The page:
There’s enough I/O as well, with two USB Type-A ports on the right side, along with an SD card slot and power connector, and on the left is another Type-A port, HDMI, mini DisplayPort, USB Type-C, Ethernet, and the two 3.5 mm audio jacks. It’s well-equipped although the Type-C port isn’t Thunderbolt 3, which is a bit of a strange omission, although it is a Gen 2 port.

Overall the design is excellent, and continues in MSI’s tradition of offering a very well-built laptop in the gaming space. The styling is pure MSI, but without being too over the top. The red accents work really well, and the keyboard is one of the better ones in its class. The GE75 Raider is off to a great start.

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  • gunnys - Friday, July 12, 2019 - link

    The current lack of 4K 17.3" gaming laptops is depressing. We have faster hardware but low res displays.
  • DanNeely - Friday, July 12, 2019 - link

    As noted in the article itself, MSI is currently limiting the 17" 4k option to their even higher end and chunkier GT76 series.
  • gunnys - Friday, July 12, 2019 - link

    I missed that, thanks for the heads up. But I also meant in general, lack of 4K sucks. I spend way more time not gaming than gaming, and would appreciate higher pixel density in general tasks. Personally I'd be more pleased with 4K at even just 60 Hz. A 120 Hz or 144 Hz panel would be useful just a few hours a month in gaming.

    And the whole situation makes even less sense when I'm seeing plenty of 15.6" 4K laptops.

    I've heard the new Razer Blade Pro will only ship with 4K in it's upcoming Quadro RTX version. It appears manufacturers are reserving 4K for the highest tier only. In that case.... I'll hold off on buying. I don't need a Quadro or a $4000 laptop... just more pixel density. An RTX 2080 or Quadro isn't needed to drive Windows, Office, and Youtube at 2160p.

    A decent 17.3" 4K panel wasn't a huge upgrade cost just a year or two ago.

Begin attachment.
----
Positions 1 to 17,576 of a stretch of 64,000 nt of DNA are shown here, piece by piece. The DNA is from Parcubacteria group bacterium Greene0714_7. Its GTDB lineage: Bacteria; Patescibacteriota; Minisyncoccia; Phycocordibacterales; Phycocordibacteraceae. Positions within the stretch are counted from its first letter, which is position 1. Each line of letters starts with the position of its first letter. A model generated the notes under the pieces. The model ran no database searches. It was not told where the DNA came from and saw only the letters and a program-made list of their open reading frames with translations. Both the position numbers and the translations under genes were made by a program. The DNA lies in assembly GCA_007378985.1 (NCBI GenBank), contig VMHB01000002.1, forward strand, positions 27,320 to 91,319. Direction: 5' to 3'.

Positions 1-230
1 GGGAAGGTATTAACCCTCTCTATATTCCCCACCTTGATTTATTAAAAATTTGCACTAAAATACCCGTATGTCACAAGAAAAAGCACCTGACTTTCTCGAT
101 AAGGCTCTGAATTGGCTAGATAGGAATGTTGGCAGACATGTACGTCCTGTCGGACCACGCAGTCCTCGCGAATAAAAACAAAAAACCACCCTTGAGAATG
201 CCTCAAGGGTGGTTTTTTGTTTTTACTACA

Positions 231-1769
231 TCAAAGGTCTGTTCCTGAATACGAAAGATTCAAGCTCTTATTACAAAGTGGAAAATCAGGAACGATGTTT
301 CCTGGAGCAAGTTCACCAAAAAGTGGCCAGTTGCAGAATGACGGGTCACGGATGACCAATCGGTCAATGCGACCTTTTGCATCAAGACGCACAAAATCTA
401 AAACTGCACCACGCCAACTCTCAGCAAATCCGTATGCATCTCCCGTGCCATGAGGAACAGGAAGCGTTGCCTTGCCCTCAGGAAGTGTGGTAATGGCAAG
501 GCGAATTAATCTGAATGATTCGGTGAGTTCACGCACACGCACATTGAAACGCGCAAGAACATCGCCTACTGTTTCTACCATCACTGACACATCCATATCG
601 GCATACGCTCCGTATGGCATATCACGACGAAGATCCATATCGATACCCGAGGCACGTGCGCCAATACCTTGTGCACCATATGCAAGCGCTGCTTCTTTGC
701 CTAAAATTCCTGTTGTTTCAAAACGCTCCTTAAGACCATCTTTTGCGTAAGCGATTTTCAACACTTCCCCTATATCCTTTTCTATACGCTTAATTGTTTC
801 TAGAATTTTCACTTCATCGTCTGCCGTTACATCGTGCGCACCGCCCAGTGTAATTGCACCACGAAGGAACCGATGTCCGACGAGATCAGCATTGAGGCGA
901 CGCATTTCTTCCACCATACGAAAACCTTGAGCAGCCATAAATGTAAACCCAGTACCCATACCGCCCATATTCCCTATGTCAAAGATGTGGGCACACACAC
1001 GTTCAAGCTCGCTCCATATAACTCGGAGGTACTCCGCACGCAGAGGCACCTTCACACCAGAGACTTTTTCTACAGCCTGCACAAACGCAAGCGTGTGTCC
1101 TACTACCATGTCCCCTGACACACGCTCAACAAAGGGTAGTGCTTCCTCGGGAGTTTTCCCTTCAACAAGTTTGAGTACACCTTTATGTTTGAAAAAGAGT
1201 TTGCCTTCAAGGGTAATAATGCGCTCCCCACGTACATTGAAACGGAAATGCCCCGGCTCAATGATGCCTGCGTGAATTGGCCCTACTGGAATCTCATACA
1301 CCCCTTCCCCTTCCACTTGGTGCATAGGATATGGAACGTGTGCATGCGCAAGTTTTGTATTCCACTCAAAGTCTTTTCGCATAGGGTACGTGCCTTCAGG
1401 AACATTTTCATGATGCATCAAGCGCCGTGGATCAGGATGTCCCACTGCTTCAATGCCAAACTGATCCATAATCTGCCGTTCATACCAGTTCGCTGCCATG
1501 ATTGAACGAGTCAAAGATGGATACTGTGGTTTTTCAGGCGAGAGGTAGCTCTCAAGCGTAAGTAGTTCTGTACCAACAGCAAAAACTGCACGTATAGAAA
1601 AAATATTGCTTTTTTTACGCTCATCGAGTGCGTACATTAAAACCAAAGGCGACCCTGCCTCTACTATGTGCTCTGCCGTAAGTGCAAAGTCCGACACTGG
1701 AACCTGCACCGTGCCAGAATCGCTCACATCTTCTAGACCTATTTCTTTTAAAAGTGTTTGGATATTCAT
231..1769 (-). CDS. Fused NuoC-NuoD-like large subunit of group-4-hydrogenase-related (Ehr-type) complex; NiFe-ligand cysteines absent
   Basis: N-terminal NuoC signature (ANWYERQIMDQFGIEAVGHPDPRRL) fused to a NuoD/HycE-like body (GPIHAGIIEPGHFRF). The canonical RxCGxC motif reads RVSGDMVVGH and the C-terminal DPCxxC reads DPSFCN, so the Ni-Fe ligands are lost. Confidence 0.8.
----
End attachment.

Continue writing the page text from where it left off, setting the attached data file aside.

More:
• DanNeely - Friday, July 12, 2019 - link

    as an ever more niche product line 17" laptops tend to lag badly in any components (like screens) that can't be shared with more plebeian 15" laptops. Volumes of high end 13 laptops are higher than 15" and 15" is higher than 17"; with the result that most of the higher end screen options started at the smallest size where there was more volume to be sold and then worked their way to smaller volume parts only slowly.

    When I get my next laptop in a year or two I'm hoping to be able to find something with 1440p/144hz at 15". 4k's massive overkill, drives up power consumption. 1440p is good enough for general use and is at least somewhat plausible to game at above 60hz on the occasions I do that instead of just surfing the web.
  • quiksilvr - Friday, July 12, 2019 - link

    I would say not having G-SYNC is the bigger issue.
  • tshoobs - Wednesday, July 17, 2019 - link

    I agree that it is sad to still see so many gaming laptops in this class using 1080p - that is really not enough pixel density for a 17.3" screen.

    For general use, 4k resolution in this screen size still generates a lot of need for scaling which in Windows is as good as it has ever been but still flawed.

    I'd love to see a 1440p panel however, I think that would be perfect for the 17.3" gaming laptop. 1080p is very long in the tooth.
  • ingwe - Friday, July 12, 2019 - link

    Given that it is a 144 Hz IPS display with great color accuracy, I think it is still a display to be happy with.
  • weilin - Friday, July 12, 2019 - link

    I'd personally prefer QHD (2560x1440) over UHD. Especially for screens smaller than 24". It seems like the best compromise on resolution and performance.
  • quantumshadow44 - Friday, July 12, 2019 - link

    Im perfectly fine with 4k on 15" dell m4800.
    100% srgb/Adobergb
  • pbollwerk - Friday, July 12, 2019 - link

    My current laptop (Alienware 13) has the "near"-4k OLED, and while it looks gorgeous, I don't like the performance hit I get when gaming, and text is unreadable. Maybe 4k is better on a 17", but my next gaming laptop won't be 4k. For gaming, it's not worth it for me.
    For other tasks, like video/photo editing, I can understand. But this is a gaming laptop.
    Having said that, 1080 is too low resolution for modern laptops.